• Andrew Robson

New Fixer-Uppers for RAKUYO

I'm a sucker for a deciduous project with good bones, so when I was recently visiting another deciduous colleague who had a pair of fixer-uppers for sale I quickly snatched them up!


First... an unidentified prunus species.

Prunus sp. - new front


This bonsai has great bones, with some beautiful age and character. While the trunk is outstanding, the branching leaves something to be desired. A decade or two of serious branch work with some grafting techniques should help rejuvenate this bonsai to once again becoming a beautiful piece of living sculpture.



Shari on the trunk


The trunk has plenty of sabi (a Japanese aesthetic word meaning weathered, aged, and patinated ). Clearly the best feature of this bonsai, the front will be changed during repotting this spring to highlight the trunk at its best view. The rugged bark and aged deadwood in conjunction with its spring flowers should provide an outstanding counterpoint for the bonsai bench, which is why species of prunus can make such magnificent bonsai.


Next... a European Hornbeam (Carpinus betulus)

European Hornbeam - pot front


This is a bonsai with a special provenance, it was grown by Anne Spencer. Anne was a deciduous artist here in Portland that passed away several years ago. She not only grew some spectacular deciduous trees, but was a key member of the Bonsai Society of Portland, playing a part in building our impressive, local bonsai community.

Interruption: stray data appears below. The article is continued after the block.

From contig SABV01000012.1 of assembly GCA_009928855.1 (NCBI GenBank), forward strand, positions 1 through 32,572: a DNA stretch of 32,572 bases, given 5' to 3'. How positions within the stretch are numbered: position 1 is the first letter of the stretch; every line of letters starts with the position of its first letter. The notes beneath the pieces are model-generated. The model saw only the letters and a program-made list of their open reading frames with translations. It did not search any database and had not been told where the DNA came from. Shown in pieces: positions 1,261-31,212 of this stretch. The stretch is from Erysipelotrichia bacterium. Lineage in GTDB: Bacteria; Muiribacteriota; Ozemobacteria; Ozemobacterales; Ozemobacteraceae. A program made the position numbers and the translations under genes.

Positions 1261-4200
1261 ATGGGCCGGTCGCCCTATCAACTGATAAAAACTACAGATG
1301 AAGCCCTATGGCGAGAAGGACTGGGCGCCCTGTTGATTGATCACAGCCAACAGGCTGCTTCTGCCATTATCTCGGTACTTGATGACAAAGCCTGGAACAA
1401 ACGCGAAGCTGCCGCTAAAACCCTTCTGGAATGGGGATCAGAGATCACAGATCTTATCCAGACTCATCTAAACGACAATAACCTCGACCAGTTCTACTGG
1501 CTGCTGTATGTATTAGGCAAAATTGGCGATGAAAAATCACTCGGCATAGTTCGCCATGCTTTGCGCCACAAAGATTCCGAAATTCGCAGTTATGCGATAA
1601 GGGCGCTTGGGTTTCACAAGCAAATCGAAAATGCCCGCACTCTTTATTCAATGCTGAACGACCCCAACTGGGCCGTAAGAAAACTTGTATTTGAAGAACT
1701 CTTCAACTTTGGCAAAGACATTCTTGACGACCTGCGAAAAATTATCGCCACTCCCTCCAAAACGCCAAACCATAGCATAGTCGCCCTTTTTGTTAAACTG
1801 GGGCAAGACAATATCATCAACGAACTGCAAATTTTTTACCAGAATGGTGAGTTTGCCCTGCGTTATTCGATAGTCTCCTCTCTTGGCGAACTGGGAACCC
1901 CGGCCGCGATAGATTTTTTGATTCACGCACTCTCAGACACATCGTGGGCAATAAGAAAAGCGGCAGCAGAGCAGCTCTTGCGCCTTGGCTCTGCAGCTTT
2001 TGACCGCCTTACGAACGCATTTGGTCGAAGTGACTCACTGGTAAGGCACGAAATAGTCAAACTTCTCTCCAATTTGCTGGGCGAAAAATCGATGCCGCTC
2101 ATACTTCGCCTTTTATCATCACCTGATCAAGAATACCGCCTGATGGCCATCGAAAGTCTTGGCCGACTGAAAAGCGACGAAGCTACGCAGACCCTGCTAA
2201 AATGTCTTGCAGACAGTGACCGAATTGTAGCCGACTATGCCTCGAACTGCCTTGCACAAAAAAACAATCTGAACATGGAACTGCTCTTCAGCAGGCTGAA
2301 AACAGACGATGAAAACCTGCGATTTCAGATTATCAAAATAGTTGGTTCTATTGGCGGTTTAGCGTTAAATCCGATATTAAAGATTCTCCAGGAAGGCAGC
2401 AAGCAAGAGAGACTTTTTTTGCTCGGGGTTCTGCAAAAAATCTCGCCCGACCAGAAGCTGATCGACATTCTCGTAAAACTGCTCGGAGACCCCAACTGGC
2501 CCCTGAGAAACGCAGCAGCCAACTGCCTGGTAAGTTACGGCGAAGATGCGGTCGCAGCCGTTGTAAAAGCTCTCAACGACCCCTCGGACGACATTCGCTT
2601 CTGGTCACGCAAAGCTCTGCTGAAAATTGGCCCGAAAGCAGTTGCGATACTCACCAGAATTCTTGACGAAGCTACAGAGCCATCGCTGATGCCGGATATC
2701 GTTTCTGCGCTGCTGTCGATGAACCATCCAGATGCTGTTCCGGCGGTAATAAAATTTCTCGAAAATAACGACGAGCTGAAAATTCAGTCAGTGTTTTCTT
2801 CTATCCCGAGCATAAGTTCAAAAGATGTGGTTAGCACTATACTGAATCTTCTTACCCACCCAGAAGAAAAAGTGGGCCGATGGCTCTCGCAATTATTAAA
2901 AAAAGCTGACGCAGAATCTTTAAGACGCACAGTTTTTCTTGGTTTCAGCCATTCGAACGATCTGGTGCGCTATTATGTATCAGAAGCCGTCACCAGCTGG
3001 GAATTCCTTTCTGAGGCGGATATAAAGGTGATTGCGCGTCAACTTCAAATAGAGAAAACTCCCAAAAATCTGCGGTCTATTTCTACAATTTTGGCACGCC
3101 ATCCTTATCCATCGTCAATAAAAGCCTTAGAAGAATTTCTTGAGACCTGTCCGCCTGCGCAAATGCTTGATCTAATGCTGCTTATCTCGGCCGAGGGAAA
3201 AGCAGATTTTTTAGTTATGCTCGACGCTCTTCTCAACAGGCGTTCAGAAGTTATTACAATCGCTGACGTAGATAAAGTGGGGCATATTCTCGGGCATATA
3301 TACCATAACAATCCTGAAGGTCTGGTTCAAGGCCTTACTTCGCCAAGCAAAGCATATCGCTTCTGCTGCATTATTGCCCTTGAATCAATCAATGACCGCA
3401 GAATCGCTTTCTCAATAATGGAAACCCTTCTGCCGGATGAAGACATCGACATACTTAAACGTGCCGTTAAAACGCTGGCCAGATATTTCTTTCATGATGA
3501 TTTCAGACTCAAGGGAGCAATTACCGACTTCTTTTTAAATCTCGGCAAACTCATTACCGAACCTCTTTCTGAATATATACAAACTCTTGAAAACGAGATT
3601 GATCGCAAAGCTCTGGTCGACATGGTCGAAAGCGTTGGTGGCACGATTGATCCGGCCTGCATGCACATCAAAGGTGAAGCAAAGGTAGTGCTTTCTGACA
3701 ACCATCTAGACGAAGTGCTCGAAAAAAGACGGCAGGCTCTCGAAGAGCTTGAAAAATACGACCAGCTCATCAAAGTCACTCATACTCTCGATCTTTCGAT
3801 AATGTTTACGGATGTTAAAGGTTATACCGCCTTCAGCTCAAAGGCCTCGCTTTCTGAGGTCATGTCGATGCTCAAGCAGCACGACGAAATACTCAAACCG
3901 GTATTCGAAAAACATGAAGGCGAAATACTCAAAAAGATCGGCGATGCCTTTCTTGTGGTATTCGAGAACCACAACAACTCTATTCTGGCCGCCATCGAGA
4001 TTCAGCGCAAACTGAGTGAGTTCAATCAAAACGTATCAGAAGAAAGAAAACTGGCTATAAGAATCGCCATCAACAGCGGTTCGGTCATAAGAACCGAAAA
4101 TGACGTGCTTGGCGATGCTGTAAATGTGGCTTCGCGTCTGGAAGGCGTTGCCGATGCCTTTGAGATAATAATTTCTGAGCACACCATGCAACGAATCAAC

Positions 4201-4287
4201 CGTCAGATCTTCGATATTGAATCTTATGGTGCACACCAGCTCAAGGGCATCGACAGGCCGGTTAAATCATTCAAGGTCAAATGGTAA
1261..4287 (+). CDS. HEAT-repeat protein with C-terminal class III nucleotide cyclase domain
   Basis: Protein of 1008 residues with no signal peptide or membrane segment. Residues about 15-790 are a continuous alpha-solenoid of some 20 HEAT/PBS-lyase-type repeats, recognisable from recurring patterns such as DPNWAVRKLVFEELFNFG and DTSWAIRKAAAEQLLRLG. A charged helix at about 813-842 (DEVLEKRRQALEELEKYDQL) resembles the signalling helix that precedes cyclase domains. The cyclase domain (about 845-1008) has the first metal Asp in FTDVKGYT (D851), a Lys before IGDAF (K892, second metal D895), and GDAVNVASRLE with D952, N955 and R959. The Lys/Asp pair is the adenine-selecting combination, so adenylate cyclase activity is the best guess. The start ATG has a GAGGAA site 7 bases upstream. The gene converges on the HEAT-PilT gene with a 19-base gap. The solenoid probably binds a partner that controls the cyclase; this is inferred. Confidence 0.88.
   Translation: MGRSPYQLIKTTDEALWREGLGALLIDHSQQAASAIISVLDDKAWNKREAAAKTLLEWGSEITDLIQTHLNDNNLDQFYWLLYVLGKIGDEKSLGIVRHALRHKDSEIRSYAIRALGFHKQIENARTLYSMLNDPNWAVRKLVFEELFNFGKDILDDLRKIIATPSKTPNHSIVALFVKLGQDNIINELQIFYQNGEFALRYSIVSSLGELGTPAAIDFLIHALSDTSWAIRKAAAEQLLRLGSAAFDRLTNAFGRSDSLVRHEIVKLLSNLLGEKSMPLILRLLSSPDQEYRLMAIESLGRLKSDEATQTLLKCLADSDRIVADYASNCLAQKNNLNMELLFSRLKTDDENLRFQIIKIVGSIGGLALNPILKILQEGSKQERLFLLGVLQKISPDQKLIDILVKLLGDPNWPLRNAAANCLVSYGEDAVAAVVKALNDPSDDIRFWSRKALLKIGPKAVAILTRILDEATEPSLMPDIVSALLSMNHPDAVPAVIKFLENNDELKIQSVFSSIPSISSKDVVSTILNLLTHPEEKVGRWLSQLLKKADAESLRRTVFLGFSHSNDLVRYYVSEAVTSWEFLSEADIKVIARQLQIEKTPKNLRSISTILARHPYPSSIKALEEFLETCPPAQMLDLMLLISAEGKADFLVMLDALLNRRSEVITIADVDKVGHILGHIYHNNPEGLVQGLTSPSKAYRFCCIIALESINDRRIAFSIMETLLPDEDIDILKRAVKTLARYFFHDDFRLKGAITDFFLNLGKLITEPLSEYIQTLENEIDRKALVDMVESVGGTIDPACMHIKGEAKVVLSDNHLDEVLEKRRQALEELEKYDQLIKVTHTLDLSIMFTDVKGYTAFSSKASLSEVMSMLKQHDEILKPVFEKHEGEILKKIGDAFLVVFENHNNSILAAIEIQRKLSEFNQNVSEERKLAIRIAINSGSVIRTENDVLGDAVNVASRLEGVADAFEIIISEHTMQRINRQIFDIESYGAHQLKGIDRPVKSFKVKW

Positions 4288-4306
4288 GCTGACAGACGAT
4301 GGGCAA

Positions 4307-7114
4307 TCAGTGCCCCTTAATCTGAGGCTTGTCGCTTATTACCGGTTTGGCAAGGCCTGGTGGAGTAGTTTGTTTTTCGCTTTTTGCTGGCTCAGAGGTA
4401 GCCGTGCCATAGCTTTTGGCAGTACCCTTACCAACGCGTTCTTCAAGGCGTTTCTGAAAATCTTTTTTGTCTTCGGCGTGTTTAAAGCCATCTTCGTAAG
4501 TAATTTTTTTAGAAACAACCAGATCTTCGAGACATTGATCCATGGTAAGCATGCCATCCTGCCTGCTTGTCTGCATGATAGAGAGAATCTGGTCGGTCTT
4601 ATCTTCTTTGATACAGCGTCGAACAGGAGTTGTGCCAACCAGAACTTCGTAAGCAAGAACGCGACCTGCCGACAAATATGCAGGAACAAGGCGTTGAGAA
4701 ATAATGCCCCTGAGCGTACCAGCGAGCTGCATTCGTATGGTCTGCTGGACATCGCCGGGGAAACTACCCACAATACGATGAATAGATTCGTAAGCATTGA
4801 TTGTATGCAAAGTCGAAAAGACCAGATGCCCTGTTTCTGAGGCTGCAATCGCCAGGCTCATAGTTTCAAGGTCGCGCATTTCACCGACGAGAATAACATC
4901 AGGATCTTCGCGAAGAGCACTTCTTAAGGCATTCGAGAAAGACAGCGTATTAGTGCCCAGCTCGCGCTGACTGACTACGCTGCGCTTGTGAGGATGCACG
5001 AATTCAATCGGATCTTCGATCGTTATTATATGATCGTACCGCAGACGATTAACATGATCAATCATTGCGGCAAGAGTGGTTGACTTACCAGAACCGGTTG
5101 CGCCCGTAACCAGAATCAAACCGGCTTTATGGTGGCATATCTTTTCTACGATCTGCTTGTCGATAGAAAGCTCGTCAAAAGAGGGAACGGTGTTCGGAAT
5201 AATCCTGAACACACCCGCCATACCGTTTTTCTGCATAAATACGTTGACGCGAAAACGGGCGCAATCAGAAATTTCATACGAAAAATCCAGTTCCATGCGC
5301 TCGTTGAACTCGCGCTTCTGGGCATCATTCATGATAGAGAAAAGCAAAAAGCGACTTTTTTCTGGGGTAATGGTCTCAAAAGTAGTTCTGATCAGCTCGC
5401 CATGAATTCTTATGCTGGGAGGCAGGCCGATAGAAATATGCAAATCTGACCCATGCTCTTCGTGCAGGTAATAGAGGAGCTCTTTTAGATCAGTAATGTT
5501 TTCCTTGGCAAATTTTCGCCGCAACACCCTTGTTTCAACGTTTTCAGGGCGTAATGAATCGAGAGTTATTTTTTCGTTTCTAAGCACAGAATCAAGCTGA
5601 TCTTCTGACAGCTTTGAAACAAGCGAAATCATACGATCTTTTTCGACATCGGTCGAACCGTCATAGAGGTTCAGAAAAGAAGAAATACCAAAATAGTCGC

Although this hornbeam has great bones (thanks Anne!), it needs some rebuilding due to a few rough years. In addition to bringing back lots of fine twigging and ramification, the right side (from the pot front) could use some more branching. There are a few scars to heal including an unfortunately large one centered on the lower trunk when viewing from its current front, which means a new front choice might be selected to hide the problem...

possible new front - shifted 180 degrees with an inclination change


By selecting a new front, the massive scar can be hidden. Even once it's healed over, it will be visible for a couple decades, which makes this new front option a strong possibility. However, the tree needs a decade or two of branch work, so it's possible the scar could be healed over and aged by that time which makes it a tough decision... one for another day.


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Both the hornbeam and the prunus will be repotted next spring into custom-made boxes to gain some youthful energy to allow us to start fixing them up. It will be a fun journey to bring them both back to their former glory as quality deciduous bonsai.


When shopping for bonsai, I always go after trees with good bones. Lots of things can be fixed: secondary and tertiary branching, fine twigging/ramification, nebari, and health, but bad bones are near impossible to adjust!





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© 2017 by Andrew Robson